Alston blows own trumpet

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Australia leads the world in productivity gains from information and communications technology (ICT) over the last decade, according to Communications Minister Richard Alston.

Citing two reports to the National Office of the Information Economy (NOIE), Alston said case studies showed Australian industries were using ICT to transform processes and business practices, to generate world's best practice in ICT-led productivity growth.

A report, by analyst firm Ovum for the National Office for the Information Economy (NOIE), predicts that almost half of forecast growth in gross domestic product (GDP) in 2002 could be attributed to ICT industries. The report, 'Productivity and Organisational Transformation: Optimising Investment in ICT', estimates a 25 percent increase in the contribution of ICT to productivity increases in all industries, from 1.7 to 2.11 per cent, would increase Australia's GDP by $2.68 billion - while a 50 percent increase would result in $5.31 billion GDP increase.

A statement from Alston's department said this was consistent with recent OECD findings showing that ICT contributed, on average, one-quarter of Australia's GDP growth between 1995 and 2001. Alston claims the report shows “our use of ICT is not just intensive, but effective”. Further, if more organisations were to apply the lessons from the case studies of Australian industries using ICT to transform processes and business practices - outlined in the Ovum report - “we could expect a noticeable increase in productivity growth”.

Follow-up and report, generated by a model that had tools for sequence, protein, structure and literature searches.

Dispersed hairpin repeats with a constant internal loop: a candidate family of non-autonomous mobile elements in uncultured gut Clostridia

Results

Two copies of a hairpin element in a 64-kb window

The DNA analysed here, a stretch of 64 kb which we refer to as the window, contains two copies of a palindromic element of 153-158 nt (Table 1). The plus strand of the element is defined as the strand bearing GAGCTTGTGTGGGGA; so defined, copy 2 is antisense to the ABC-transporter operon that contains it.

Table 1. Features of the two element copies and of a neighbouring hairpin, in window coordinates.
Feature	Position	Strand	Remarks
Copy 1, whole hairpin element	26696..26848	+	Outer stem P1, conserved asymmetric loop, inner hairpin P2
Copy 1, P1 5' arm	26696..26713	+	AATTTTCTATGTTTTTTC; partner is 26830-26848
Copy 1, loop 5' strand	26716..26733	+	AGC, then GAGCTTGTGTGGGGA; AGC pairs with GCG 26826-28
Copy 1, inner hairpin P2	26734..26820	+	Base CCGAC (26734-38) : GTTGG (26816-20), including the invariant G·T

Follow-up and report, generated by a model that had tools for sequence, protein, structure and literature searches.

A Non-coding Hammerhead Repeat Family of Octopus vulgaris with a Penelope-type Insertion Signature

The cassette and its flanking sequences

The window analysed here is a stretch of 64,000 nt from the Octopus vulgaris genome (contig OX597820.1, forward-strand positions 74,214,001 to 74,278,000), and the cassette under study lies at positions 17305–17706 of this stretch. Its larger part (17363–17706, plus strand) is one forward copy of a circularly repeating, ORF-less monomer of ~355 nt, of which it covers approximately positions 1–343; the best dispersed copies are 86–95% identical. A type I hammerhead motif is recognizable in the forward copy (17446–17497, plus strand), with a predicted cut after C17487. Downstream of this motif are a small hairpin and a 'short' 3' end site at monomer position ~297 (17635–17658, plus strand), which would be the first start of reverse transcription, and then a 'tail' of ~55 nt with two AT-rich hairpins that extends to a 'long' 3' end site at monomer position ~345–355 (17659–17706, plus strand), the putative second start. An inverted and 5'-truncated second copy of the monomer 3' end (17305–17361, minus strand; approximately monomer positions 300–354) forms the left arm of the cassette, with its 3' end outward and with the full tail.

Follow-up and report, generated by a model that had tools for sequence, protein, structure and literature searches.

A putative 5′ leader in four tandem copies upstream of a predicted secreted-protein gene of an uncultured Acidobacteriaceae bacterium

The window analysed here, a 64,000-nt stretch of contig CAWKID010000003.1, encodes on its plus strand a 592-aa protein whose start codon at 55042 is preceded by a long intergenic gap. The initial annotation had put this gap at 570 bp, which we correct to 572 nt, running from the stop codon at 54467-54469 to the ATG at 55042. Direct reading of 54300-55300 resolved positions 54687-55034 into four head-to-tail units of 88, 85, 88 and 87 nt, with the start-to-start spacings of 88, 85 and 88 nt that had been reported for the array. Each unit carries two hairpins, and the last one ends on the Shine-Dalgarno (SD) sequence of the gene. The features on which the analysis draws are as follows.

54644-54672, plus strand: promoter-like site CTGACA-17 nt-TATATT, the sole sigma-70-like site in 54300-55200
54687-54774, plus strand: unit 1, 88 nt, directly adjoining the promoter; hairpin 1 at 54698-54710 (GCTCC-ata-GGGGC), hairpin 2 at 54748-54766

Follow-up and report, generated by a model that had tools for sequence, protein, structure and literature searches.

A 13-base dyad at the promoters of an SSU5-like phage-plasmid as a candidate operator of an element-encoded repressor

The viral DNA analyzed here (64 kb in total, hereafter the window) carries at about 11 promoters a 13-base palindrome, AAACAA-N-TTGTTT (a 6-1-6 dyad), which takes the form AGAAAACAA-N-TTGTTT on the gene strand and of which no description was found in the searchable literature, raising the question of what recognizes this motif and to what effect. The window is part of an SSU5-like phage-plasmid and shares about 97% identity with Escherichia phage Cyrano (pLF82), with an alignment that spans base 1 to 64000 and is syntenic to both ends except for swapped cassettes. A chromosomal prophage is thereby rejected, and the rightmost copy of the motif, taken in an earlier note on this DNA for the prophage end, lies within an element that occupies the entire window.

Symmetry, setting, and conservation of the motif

Senator Alston said the government has put in place a policy framework, including innovation initiatives, venture capital reforms to help ensure Australia capitalises on our ICT strengths.

Alston said the federal governmentis also playing a major role in refocusing its own operations to obtain maximum advantage from ICT, with a resultant improvement in service delivery and productivity across many areas of government in Australia.

Alston released a report by DMR Consulting – the E-government Benefits Study – which found that 46 percent of individuals and more than 57 percent of businesses make use of e-government services. DMR Consulting expects demand for these services to increase by more than 30 percent per annum.

The senator released the reports to a Committee for the Economic Development of Australia (CEDA) function in Sydney.

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